Today, we are neither true socialist nor true capitalist. Infact this dangerous cocktail of socialism and capitalism can be at best called as crony capitalism which is as dishonest as Russia’s authoritarian communism or China’s authoritarian capitalism.

If the true capitalism (free markets) had been adopted, it would have shown its ugly face much earlier as the market dynamics would have unambiguously resulted into a great depression with end of road scenario. The whole credit would have got centralized in the hands of a few people whom marx called as “bourgeoisie” and without new markets (read exploitation and generating poors) created either by an act of war or coercion, capitalism could not have continued.

The capitalism would have died in its naked form as people would have understood the futility of a capitalistic structure which has anti-spiritual (anti-dharma) foundations and as such it is inherently faulty. In marx’s words the seeds of distruction of capitalism is in capitalism itself. No wonder why the great leaders of our independence from Hindustan Socialist Republican army (Chandradekhar azad, Bhagat Singh etc) to Subhash Chandra Bose, all had a vision of true socialism or as pandit Sri Ram Sharma Acharya, a great seer sage and visionary of our era has described, ‘spiritual communism’.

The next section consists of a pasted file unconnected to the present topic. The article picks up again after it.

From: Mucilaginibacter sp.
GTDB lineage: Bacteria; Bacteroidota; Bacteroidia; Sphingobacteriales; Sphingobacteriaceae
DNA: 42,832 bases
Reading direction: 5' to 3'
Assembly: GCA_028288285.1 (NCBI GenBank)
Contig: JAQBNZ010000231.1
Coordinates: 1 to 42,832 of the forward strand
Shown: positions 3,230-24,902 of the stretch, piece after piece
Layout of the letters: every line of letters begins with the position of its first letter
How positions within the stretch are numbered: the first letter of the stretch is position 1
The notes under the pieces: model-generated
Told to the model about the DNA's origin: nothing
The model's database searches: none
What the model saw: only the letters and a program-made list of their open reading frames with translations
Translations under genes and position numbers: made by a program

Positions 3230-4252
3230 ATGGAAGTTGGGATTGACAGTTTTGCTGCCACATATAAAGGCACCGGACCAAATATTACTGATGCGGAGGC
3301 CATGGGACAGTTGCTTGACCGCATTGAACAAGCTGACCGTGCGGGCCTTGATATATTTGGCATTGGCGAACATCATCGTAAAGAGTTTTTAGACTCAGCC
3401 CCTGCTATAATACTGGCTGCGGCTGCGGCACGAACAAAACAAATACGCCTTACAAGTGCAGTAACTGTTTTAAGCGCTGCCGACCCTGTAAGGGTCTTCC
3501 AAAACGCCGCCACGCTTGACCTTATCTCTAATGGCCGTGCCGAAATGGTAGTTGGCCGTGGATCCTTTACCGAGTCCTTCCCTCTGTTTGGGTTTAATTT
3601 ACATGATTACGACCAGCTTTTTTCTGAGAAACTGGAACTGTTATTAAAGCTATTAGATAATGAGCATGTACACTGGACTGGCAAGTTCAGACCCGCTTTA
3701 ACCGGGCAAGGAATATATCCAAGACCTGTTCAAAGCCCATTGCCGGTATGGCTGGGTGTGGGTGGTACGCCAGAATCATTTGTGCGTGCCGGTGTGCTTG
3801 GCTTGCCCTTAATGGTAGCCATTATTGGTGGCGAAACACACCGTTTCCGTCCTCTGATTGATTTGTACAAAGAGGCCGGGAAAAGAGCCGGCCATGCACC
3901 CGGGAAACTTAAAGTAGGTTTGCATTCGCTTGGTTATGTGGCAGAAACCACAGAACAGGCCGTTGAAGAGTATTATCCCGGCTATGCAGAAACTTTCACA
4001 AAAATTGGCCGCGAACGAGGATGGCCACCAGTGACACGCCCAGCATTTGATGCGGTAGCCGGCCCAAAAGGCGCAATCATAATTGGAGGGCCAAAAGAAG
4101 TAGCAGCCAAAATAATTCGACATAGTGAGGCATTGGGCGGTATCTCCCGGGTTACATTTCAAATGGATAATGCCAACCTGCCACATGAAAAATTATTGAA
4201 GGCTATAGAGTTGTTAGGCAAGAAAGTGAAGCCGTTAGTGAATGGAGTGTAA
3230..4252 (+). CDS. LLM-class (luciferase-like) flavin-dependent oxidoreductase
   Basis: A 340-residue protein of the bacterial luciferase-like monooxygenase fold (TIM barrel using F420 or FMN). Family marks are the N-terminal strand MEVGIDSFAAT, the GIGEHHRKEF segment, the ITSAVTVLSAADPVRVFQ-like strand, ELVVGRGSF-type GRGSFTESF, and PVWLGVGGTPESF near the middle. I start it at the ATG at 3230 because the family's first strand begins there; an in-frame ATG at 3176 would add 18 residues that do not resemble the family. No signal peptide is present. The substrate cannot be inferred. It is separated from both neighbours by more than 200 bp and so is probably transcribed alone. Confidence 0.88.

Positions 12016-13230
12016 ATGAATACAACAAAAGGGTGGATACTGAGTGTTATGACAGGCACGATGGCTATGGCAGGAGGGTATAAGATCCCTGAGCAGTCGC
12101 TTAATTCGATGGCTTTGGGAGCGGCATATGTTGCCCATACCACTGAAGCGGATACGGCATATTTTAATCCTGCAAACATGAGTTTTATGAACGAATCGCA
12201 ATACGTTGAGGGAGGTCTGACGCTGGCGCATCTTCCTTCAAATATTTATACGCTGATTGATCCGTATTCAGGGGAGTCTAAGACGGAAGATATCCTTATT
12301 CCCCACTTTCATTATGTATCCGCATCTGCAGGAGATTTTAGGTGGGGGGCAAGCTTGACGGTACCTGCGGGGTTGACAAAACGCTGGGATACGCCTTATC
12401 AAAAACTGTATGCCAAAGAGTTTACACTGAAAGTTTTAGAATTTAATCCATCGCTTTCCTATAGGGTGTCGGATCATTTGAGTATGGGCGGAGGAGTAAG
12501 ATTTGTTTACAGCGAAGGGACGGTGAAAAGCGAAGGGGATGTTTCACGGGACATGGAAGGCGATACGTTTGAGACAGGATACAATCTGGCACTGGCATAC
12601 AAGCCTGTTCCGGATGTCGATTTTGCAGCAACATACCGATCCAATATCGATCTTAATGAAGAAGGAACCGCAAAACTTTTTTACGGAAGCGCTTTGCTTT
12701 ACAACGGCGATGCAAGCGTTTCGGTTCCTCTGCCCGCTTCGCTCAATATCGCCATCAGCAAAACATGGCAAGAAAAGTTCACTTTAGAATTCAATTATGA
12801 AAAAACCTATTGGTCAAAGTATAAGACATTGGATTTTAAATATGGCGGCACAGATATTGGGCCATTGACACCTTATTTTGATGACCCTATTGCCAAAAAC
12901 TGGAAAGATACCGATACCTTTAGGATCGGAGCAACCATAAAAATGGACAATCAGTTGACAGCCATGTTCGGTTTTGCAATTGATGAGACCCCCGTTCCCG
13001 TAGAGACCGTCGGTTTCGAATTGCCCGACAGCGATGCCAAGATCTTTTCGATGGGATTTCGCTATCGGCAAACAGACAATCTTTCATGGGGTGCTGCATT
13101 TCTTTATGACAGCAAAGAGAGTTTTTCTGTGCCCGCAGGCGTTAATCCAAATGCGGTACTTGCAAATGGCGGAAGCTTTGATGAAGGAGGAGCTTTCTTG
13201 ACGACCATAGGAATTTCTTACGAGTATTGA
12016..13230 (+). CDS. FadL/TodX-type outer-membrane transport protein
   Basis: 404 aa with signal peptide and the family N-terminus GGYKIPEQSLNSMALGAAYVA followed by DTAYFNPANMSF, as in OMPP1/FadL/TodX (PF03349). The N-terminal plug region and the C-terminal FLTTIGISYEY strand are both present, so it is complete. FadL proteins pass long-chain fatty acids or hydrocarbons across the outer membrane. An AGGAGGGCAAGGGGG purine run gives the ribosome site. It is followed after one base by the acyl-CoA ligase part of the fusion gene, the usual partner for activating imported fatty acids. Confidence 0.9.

Arvind Kejariwal in a recent interview to “chauthi duniya” very beautifully described how our ancient economic model used to be until 1860 which was a real democracy and which Gandhi ji called as Gram Rajya. It was a decentralised model of ‘society owned means of production’ and ‘local governance’. That I believe will be the economic model in the future after the coming economic collapse and that will pave way for the golden age.